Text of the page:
When we came back from our summer holidays in Germany this year, Scarlett was perfectly fluent in German and never mixed in a single word of Italian. Back in Italy she switched beautifully between the two languages, but after a month, slowly but surely, she started slipping into speaking Italian to me.

At first it was only the odd moment. In the morning Scarlett spoke German to me, but when I picked her up from school in the afternoon, her stories came bubbling out in Italian. I listened to her but kept speaking German and after a short while Scarlett switched back to German. But every day the Italian got longer. By Christmas Scarlett would have spoken a lot of Italian to me, as I knew from the years before.

In the past I was never really concerned about this, but this year I felt a bit different for two reasons. Firstly Scarlett’s little brother Quentin is struggling much more with German and I would like him to be exposed as much as possible to German, also from his sister’s side. And secondly Scarlett has reached a good level of German and I suppose it now needs more effort than before to refine her language.

So I decided to impose our first language rule ever. German at home, free language choice outside. Maybe rule is a big word, I simply ask Scarlett to speak German when we (and Quentin) are alone at home. I don’t even have the feeling I am actually forcing her to speak German as she switches without the slightest effort and she communicates as easily as she does in Italian.

In our daily routine this approach works well. When I pick Scarlett up from school she tells me all about her day in Italian. The moment we walk through the door of our house I ask her to speak German. Initially she needs a reminder from time to time, but after a short while we are fully back to German.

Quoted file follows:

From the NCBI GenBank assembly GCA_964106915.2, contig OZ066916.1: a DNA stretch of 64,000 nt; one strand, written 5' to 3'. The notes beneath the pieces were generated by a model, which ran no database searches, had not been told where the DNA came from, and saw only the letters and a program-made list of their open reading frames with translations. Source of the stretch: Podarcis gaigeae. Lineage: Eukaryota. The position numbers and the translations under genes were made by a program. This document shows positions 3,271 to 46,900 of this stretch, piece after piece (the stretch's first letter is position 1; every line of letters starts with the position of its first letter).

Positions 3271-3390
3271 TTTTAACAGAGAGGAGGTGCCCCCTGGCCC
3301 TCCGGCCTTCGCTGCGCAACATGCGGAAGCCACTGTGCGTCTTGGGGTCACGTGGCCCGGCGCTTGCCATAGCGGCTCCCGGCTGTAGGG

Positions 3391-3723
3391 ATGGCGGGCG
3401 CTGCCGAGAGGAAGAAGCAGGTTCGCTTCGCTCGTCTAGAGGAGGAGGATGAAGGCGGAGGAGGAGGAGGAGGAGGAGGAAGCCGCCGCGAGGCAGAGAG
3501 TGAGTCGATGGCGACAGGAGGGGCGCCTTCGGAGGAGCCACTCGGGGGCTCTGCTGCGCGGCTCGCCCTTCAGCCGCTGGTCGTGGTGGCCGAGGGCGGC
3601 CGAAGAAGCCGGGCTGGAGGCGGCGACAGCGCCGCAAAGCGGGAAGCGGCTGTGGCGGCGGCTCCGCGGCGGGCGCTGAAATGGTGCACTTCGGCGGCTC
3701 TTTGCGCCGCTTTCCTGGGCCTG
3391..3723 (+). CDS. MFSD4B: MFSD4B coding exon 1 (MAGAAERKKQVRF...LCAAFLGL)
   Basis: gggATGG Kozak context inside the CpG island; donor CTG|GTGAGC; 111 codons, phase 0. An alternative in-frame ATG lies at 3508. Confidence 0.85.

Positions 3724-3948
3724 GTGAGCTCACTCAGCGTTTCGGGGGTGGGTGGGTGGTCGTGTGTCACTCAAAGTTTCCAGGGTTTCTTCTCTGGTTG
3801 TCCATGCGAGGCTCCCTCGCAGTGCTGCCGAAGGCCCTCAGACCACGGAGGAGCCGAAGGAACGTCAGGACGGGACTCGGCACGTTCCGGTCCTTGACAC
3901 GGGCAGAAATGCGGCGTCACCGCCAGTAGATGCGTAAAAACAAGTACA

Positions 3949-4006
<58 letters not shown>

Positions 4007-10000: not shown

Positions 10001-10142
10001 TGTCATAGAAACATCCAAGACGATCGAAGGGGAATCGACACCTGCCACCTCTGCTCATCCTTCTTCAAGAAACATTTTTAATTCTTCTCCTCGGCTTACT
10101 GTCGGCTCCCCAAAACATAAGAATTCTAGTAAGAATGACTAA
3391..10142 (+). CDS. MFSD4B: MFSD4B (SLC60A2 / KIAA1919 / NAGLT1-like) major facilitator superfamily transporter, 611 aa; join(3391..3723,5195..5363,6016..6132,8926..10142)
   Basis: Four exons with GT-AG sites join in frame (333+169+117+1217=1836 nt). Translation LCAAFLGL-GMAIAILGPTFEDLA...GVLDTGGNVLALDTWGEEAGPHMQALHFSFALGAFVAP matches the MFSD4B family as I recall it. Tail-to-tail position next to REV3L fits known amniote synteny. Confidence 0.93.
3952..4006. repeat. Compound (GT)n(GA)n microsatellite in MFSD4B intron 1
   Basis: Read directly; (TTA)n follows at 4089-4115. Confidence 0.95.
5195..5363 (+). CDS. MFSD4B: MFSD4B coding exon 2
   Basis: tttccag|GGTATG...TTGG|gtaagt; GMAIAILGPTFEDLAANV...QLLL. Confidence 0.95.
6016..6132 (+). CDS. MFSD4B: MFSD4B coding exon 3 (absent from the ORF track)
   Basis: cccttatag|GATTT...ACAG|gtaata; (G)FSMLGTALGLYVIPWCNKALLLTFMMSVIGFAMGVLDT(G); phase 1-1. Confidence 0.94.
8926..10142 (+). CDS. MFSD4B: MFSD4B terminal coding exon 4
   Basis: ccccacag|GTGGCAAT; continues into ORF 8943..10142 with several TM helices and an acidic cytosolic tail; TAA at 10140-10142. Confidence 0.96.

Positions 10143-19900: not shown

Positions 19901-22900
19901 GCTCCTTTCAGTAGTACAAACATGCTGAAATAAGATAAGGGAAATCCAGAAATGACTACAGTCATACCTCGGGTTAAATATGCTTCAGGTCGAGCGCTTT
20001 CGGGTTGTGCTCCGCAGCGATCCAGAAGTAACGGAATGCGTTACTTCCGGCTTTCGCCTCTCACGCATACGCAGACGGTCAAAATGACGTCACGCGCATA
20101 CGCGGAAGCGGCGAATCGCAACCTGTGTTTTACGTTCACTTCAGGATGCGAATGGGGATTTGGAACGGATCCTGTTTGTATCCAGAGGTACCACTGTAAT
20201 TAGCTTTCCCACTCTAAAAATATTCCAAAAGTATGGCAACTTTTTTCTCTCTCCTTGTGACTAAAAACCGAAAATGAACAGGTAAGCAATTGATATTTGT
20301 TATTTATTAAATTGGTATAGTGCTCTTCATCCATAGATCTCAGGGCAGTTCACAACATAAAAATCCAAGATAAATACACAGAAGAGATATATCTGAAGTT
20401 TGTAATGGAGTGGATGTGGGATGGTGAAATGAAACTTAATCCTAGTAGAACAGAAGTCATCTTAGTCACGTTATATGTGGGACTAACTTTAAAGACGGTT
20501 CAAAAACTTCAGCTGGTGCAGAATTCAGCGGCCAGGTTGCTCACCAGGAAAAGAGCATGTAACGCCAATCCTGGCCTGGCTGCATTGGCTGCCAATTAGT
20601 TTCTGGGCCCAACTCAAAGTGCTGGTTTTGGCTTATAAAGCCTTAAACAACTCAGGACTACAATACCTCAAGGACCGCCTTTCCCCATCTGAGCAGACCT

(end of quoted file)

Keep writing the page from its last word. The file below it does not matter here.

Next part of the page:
I have the impression that both Scarlett and Quentin are benefiting. Quentin uses at least some German words in his Italian sentences and Scarlett always speaks German. When we went to Germany for Christmas Scarlett switched to German without any problem.

Introducing a language rule of this kind might not sound a big thing but for me it actually was. I am generally not a friend of forcing children to speak a language. I have always spoken German to my children and they answered in whatever language they wanted to.

There are however people who believe that you should push your children to speak the weaker language from an early age. I talked to people who told me you should pretend not to understand the children if they don’t speak the right language. According to them the children struggle initially but benefit in the long run.

I am not so sure this is the right approach. I wouldn’t do it with Quentin, as his German is simply not good enough to communicate properly. I believe it would inhibit him from talking freely to me and thus be a strain on our relationship.